The East-West German summit came and went with most eyes on the more dramatic headlines about Libya or Poland. But the summit, the first in 11 years, deserves note since the two Germanys occupy what continues to be the most strategic spot in Europe.
The meeting may have been impelled in part by West German political pressures on Chancellor Helmut Schmidt not to let German detente languish in the face of larger East-West tensions. It did not conclude with any ringing declarations. But it is important for its symbolism - not to mention expected ripples of concrete results - in a context that reaches beyond the Germanys to international peace.
As East German leader Erich Honecker said: ''We cannot uncouple ourselves from world relations, but we can, each in his own way, make a substantial contribution to improvement of the international climate.''
Or as Mr. Schmidt put it, speaking of the current Geneva arms reduction talks: ''For the very reason that World War II sprang from German soil, we Germans cannot and may not limit ourselves to the role of interested spectators.''
It was no surprise that Mr. Honecker should take the occasion to caution Mr. Schmidt about accepting a new wave of American missiles in West Germany. Mr. Schmidt was believed to have left no doubt he was committed to the deployment plan unless modified by the arms negotiations.
The task for the two leaders was to find common ground beyond their respective commitments to Eastern and Western alliances. They announced they would continue to work toward agreement on matters of trade and travel between East and West Germany.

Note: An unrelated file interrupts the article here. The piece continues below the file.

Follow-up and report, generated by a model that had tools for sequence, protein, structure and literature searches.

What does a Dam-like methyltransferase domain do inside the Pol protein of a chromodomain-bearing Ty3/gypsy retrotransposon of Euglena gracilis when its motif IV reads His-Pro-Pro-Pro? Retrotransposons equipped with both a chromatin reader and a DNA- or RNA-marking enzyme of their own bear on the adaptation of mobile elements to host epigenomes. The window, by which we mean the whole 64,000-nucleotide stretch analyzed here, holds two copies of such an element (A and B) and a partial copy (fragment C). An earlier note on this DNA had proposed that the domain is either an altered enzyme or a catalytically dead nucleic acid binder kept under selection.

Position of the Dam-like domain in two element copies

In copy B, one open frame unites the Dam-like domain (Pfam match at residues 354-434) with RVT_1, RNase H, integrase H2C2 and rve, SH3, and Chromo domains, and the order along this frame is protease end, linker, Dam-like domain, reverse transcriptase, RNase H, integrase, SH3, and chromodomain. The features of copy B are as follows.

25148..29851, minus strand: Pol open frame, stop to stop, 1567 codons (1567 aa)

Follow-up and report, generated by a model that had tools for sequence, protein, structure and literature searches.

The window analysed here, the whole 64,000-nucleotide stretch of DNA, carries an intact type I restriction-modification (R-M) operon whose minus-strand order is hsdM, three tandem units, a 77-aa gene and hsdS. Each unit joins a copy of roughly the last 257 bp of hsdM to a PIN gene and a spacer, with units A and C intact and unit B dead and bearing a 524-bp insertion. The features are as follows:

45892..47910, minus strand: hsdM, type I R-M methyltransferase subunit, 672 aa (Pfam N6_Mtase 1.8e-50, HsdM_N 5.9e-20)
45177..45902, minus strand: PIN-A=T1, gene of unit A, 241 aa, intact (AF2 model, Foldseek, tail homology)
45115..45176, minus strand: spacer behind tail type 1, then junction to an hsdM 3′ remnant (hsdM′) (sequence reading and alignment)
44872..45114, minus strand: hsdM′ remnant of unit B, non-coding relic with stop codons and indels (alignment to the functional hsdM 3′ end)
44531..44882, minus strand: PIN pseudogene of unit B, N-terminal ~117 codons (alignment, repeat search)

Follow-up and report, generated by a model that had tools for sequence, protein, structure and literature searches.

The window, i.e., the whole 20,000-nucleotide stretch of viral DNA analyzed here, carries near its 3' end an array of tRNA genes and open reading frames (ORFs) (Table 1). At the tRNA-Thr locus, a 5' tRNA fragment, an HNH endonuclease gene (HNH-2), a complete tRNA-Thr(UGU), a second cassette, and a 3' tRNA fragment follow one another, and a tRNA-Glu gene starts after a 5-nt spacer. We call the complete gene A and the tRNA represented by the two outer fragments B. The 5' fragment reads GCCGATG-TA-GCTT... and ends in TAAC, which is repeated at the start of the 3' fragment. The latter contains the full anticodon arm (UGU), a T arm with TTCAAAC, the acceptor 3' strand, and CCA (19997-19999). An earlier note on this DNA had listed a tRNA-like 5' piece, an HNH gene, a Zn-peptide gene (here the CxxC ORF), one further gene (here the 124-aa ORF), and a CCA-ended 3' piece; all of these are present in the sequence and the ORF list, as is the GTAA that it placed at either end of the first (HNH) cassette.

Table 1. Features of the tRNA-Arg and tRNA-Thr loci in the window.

West Germany has extended the interest-free trade credits that help East Germany do business with it. Bonn made clear that it had expectations, in turn, of eased contacts between East and West Germans. As it is, most West Germans have been saddled with a fourfold increase in the amount of West German money they have to exchange and spend on visits to East Germany. Reductions or exemptions might be made for certain categories such as the young and old. Few East Germans are permitted to leave their country until they reach retirement age. East Germany could make a significant gesture by meeting West German hopes of reducing the age limit, but this does not appear likely soon.
Nevertheless, more economic and humanitarian links could be found if meetings like the recent summit become less extraordinary occurrences. After years of considerable progress East Germany's economy is facing various problems. One is higher-priced oil owing to a reduction in the subsidized supplies obtained from Moscow. So Mr. Honecker has economic reason for pursuing detente with his neighbor. With so many Germans remaining prisoners on West Germany's doorstep, Mr. Schmidt has ample reason for pursuing it too. The summit becomes a small constructive symbol to put beside the looming Berlin Wall.